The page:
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« Forty Years Ago Today . . . | Main | Who Was Thomas Reid and Why Does His "Common Sense Philosophy" Still Matter (Part One) »

Thomas Reid on "First Principles" (Part Two)


Part One: Who Was Thomas Reid?


Reid on "First Principles"

The great conundrum faced by philosophers since time immemorial is the question “how do we know what we know?”  This question falls under the sub-category of philosophy known as epistemology.  Those who contend that all human knowledge arises through our senses are called “empiricists.”  Those who believe that our knowledge is grounded in our ideas (i.e. our mental powers and state of mind) are often identified as “idealists.”  

Enter the much better known contemporary of Reid, the German philosopher Immanuel Kant (1722-1804), whose volume Critique of Pure Reason, was first published in 1781.  What made Kant’s philosophy so important and ground-breaking was that Kant made a compelling case that while all knowledge begins with sense perception–the data received via our senses–the knowing process does not end there.  Without the mind having the innate ability to act upon these sensations so as to transform them into knowledge, the world would remain unintelligible to us despite the data coming from our senses.  Kant believed that there are specific mental categories which owe nothing to experience, and which are hard-wired into us which shape those sensations we do receive.  

These so-called a priori categories (i.e., they are in place before we experience the world) include notions of time and space, logic, and mathematics.  A creature without such categories would have the same sensations and see the same appearances we do, but would have an entirely different experience of them.  My dog and I see the same tree.  Since he does not have the mental categories I have, we experience the same tree quite differently.  According to Kant, we see not “the thing in itself,” but only the thing as interpreted by our minds according to the a priori categories.  This is reflected in Kant’s well-known distinction between the noumenal (the world beyond experience but which can reasonably be inferred from experience) and the phenomenal (the world which is actually experienced and accessed through the senses).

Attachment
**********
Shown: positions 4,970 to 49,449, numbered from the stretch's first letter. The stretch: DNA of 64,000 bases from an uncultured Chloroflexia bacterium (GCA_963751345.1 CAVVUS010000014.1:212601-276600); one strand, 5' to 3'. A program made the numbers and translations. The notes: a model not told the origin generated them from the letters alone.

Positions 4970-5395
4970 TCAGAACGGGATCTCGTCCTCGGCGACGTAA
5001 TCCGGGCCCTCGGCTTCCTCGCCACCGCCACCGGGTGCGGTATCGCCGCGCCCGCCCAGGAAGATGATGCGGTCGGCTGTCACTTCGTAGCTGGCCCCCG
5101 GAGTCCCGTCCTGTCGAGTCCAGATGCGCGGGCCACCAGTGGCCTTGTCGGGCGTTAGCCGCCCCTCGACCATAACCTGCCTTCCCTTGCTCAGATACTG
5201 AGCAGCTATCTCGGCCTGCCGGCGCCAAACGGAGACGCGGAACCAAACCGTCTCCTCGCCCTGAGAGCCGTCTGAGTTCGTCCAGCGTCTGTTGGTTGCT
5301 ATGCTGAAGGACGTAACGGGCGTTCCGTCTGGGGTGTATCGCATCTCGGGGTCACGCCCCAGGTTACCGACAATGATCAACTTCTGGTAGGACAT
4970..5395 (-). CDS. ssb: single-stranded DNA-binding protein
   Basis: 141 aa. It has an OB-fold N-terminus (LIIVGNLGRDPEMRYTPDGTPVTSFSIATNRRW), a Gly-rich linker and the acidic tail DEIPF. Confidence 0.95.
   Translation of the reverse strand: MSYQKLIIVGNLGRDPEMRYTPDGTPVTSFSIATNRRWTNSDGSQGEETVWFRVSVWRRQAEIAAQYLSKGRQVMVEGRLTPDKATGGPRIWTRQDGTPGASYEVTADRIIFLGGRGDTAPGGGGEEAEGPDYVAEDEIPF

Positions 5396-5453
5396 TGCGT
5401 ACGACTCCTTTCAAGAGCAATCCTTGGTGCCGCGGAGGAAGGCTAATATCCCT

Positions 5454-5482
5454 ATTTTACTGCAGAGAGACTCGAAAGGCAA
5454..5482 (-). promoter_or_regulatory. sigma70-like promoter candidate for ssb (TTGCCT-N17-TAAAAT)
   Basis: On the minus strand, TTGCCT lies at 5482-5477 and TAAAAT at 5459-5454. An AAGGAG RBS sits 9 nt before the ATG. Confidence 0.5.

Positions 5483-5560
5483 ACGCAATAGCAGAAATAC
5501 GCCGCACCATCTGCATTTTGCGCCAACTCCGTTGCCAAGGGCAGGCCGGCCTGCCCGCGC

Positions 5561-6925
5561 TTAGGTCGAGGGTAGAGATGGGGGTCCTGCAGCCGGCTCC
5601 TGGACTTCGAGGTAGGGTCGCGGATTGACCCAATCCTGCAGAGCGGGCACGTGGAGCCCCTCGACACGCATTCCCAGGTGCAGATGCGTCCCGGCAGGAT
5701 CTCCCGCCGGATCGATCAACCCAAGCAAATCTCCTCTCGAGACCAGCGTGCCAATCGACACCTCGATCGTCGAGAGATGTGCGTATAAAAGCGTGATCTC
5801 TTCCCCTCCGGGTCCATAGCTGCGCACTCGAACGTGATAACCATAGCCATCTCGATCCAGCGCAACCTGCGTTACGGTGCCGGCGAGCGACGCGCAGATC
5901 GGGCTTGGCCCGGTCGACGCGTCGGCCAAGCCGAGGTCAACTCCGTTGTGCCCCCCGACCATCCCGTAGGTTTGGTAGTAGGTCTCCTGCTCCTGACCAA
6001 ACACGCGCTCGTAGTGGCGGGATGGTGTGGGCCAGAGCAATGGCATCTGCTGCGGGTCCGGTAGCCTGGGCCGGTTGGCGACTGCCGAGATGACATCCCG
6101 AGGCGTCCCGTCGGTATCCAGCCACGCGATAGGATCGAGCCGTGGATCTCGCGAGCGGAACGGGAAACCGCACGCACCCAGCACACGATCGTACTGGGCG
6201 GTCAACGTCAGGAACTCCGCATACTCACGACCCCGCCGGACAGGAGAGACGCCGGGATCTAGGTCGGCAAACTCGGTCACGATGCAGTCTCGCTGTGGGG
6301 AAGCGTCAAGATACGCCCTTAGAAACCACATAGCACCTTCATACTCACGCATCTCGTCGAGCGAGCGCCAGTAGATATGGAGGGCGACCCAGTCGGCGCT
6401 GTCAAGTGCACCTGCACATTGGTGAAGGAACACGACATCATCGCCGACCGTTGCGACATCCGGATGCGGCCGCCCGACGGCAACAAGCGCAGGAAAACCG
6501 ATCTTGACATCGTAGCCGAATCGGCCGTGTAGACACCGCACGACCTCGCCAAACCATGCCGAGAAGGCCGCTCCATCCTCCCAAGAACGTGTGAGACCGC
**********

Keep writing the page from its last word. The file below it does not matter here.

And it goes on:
Reid, it has been said, worked backward from Hume’s skepticism to ask, “what would be necessary” if we are to know the world as it is?  Reid wonders “what capacities must the human mind possess in order to truly know the external world?”  He classifies these capacities as “first principles” which he believes are grounded in the so-called “common sense” of humanity.  These principles are simply assumed and cannot be proven.  We utilize them without any prior reflection upon them, nor can we “prove” them, because to do so we must utilize the very capabilities we are trying to prove.  Although people universally reason from these first principles even if they do not believe in God, whenever we seek to get behind “common sense” to discover why things are the way they are, Reid argues there is no way to explain the existence of these first principles and the common sense of humanity apart from God who created the world and has designed us to live and act within that world.  Reid writes,

I thank the Author of my being, who bestowed it upon me before the eyes of my reason were opened, and still bestows it upon me, to be my guide where reason leaves me in the dark.  And now I yield to the direction of my senses, not from instinct only, but from confidence and trust in a faithful and beneficent Monitor, grounded upon the experience of his paternal care and goodness.  In all this, I deal with the Author of my being, no otherwise than I thought it reasonable to deal with my parents and tutors.  I believed by instinct whatever they told me, long before I had the idea of a lie, or thought of the possibility of their deceiving me (Reid, Inquiry, in Works of, I.184).

The theistic implications of Reid’s first principles ought not be overlooked.  We reason via common sense because our Creator has designed us to do so.